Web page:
• Washington’s ambassador to Ukraine said that the United States had seen nothing so far that corroborates the Russian allegations." Putin wants more war. Russia escalates, desperately looks for casus belli against Ukraine, tests [the] West's reaction," a spokesman for Ukraine's Foreign Ministry, Dmytro Kuleba, wrote on Twitter.(RFE/RL, 08.10.16)
  • "The EU calls for a peaceful resolution of the conflict, including in eastern Ukraine where all parties—including Russia—must fully engage in the complete implementation of the Minsk accords," said the spokeswoman, Maja Kocijancic. (Wall Street Journal, 08.11.16)
  • The Kremlin announced the start of war games in the Black Sea. The Russian drills — which will last from August 11 to 13 — are part of the already planned Caucasus-2016 naval exercises by the Russian Defense Ministry in the region, but their timing has left Ukrainian officials worried that the heightened military activity could escalate quickly into a direct conflict with Moscow. Russia has deployed S-400 Triumph air defense systems in Crimea. (Foreign Policy, 08.11.16, Xinhua, 08.12.16)
  • Kyiv said that Russia had amassed more troops in recent days equipped with more modern equipment on Ukraine's border with Russian-annexed Crimea. "These troops are coming with more modern equipment and there are air assault units. In recent days, we see a strengthening of the units that are at the border. Their number increased," Oleh Slobodyan, the spokesman for the Ukrainian border guards, said on August 11. Ukraine's military intelligence service alleged on August 12 that Russia was planning "large-scale provocative actions through the contact line in Ukraine’s east” .At the same time Ukraine said it had not so far seen any significant increase in fighting in its eastern Donbas region in the last few days. Oleksandr Motuzyanyk, a Ukrainian military spokesman, said on August 12 that "the cease-fire has not been observed by the illegal armed groups, but the average number of shelling incidents is pretty much at the same level."   (RFE/RL, 08.11.16, RFE/RL, 08.12.16)
  • The head of Ukraine's National Police, Vadim Troyan, said Thursday that Kiev had opened criminal proceeding regarding the possible abduction of Yevhen Panov, a Ukrainian resident who was named by the FSB as the main perpetrator of one attempted attack. (Wall Street Journal, 08.11.16)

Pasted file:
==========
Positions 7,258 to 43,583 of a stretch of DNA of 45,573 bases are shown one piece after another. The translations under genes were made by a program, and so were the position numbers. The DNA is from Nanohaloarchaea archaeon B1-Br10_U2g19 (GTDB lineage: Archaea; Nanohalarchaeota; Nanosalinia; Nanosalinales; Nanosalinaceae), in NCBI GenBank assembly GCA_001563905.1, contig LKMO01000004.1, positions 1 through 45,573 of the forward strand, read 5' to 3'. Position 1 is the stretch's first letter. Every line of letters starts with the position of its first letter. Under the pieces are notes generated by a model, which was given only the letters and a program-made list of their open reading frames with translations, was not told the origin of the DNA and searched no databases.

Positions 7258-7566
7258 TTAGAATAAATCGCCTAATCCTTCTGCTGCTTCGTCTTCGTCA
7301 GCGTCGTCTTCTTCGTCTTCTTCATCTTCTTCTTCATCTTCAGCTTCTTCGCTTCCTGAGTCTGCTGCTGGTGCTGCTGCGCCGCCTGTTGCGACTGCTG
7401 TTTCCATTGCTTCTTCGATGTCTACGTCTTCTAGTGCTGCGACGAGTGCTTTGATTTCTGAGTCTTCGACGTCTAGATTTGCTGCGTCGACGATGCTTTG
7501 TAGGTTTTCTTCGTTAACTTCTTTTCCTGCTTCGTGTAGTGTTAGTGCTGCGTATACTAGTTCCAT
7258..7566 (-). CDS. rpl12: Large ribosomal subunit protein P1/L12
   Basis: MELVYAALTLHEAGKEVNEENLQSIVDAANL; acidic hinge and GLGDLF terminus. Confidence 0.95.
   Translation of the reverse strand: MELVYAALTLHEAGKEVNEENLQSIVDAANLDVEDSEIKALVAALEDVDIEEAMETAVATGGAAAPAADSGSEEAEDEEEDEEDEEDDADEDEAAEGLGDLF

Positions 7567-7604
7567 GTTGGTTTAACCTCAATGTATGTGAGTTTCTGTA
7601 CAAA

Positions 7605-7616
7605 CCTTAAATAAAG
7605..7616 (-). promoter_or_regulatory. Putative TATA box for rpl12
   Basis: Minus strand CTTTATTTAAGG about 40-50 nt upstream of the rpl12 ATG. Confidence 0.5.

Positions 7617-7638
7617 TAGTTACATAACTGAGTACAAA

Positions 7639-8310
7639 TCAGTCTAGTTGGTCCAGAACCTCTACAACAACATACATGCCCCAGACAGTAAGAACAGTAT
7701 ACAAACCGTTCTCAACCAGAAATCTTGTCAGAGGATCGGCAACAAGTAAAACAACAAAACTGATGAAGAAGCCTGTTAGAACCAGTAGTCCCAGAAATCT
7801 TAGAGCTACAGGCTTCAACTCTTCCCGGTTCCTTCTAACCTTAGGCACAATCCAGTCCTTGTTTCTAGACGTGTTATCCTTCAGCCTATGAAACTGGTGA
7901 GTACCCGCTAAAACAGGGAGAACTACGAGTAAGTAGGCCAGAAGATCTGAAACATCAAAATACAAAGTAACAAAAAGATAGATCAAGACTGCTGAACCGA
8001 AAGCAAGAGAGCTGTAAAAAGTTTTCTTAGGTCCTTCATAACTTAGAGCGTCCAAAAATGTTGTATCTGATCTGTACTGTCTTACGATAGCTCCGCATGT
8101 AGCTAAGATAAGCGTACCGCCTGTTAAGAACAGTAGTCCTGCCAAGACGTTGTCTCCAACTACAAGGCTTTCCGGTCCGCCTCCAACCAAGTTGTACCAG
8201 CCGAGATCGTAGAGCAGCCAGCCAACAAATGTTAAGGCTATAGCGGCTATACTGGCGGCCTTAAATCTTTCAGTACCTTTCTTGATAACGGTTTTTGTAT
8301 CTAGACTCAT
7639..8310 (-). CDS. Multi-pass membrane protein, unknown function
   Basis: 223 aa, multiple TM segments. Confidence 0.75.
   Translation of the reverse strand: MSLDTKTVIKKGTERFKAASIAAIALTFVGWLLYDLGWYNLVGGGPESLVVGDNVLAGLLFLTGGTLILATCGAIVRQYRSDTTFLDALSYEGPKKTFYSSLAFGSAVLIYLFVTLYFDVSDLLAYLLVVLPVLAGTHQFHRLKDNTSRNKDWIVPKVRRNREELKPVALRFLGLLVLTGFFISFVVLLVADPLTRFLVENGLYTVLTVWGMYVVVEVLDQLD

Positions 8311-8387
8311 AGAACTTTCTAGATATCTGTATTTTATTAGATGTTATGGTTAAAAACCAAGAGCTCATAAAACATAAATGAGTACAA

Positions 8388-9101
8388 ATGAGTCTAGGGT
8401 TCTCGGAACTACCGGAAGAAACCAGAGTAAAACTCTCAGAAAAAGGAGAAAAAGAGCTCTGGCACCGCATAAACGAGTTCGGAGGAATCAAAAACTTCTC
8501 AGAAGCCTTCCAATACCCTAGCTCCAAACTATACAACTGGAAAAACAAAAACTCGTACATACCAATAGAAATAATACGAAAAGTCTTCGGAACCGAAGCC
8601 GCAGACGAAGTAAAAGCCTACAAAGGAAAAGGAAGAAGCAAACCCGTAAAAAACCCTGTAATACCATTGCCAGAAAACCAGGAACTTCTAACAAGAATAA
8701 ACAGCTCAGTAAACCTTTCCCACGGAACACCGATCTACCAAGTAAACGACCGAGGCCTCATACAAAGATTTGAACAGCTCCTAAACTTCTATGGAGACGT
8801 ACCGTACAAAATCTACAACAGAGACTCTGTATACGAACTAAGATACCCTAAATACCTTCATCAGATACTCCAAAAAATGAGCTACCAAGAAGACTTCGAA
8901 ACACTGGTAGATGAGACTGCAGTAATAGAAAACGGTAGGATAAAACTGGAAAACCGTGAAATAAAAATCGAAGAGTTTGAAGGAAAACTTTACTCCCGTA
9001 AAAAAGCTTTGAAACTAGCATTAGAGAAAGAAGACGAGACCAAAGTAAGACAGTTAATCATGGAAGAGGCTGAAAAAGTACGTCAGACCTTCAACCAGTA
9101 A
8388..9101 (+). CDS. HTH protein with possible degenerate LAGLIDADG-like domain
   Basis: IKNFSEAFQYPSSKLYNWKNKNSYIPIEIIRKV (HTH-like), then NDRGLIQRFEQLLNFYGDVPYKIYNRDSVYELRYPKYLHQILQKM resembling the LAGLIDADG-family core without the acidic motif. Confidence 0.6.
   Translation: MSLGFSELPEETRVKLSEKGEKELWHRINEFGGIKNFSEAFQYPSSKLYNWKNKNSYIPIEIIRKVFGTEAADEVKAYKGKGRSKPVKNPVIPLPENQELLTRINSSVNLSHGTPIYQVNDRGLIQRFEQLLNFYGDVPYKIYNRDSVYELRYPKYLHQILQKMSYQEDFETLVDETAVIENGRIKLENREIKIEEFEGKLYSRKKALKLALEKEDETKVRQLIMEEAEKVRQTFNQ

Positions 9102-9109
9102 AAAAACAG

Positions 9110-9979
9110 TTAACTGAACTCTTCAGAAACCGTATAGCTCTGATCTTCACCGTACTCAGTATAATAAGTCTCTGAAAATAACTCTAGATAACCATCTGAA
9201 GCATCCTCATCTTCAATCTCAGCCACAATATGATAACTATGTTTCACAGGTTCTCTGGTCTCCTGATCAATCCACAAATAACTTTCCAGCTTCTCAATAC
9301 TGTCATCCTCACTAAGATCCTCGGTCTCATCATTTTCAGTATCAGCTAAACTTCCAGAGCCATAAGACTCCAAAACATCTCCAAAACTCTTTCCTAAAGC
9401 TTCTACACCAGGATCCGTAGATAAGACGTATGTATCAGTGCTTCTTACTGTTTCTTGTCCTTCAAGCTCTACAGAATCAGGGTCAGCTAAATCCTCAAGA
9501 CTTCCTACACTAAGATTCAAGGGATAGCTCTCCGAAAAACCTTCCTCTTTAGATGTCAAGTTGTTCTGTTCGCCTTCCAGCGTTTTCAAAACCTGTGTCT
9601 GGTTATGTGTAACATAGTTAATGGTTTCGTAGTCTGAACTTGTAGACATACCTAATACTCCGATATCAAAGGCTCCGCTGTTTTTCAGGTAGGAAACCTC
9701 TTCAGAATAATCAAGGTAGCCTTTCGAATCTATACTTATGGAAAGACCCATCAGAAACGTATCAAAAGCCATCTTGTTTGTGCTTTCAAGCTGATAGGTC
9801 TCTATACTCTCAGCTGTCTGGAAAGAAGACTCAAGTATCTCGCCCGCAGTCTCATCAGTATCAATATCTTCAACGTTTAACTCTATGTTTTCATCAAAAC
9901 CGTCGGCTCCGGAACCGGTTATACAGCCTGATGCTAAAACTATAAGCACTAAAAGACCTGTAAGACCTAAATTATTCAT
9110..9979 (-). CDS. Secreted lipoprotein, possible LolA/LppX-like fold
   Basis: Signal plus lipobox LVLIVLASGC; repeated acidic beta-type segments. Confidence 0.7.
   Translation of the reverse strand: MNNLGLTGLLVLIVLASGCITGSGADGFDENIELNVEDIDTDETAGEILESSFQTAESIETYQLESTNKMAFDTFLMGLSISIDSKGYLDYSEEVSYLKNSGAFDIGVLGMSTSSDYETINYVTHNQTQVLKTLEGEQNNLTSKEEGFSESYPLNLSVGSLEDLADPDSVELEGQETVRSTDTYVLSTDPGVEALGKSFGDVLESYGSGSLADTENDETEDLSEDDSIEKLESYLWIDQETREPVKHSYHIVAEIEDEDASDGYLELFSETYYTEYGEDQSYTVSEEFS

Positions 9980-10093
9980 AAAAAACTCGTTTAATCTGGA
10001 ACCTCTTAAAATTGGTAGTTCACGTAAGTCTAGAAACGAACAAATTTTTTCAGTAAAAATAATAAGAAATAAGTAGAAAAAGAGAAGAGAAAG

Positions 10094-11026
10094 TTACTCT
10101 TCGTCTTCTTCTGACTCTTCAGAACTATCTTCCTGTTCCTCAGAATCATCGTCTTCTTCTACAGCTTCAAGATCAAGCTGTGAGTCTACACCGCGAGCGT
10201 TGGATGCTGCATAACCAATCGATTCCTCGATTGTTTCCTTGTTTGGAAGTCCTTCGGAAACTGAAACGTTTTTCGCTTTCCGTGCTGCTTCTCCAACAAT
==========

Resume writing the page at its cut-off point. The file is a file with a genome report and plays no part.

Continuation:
• Luhansk militant leader Igor Plotnitsky has reportedly been released from hospital after assassination attempt. Plotnitsky was wounded "as a result of a powerful explosion that occurred near his car" in Luhansk.  (RFE/RL, 08.07.16, Ukraine Today, 08.06.16)
  • Ukraine’s chief anticorruption prosecutor Nazar Kholodnytskiy said Mykola Chaus, a judge in Kyiv’s Dniprovskiy district court, was caught by anticorruption detectives accepting a $150,000 bribe on August 9 from an unnamed figure. But Kholodnytskiy said Chaus cannot be detained because he has immunity from prosecution under Ukraine’s constitution.(RFE/RL, 08.10.16)

Russia’s other post-Soviet neighbors:

  • Russian President Vladimir Putin and Armenian President Serzh Sarkisian met on August 10 to discuss Armenia’s ongoing dispute over Azerbaijan’s breakaway region of Nagorno-Karabakh. The Moscow meeting came  two days after Putin discussed an OSCE-sponsored peace plan in Baku with Azerbaijani President Ilham Aliyev and Iranian President Hassan Rohani. (RFE/RL, 08.10.16)
  • An Armenian prosecutor has demanded a life sentence for a Russian soldier charged with killing a family of seven. The prosecutor in the northwestern Armenian city of Gyumri urged on August 12 that Valery Permyakov be given life for last year’s killing.(RFE/RL, 08.12.16)
  • Belarus has asked Russia to replace top-of-the line nuclear reactor after an accident last month. (Interfax, 08.11.16)
  • Kazakh President Nursultan Nazarbaev vowed to send back to Turkey anyone in Kazakh schools found to have "terror links" to exiled cleric Fethullah Gulen that Turkey blames for a failed coup.  (RFE/RL, 08.06.16)
  • Kazakh authorities say they have detained six officials from the Defense and Finance ministries on embezzlement and corruption charges. (RFE/RL, 08.10.16)
  • Russia says it will return the skull of a leader of the Kazakh national liberation movement, Keiki Batyr, to Kazakhstan for burial. (RFE/RL, 08.12.16)


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For Academic Citation:Russia in Review.” News, , August 12, 2016.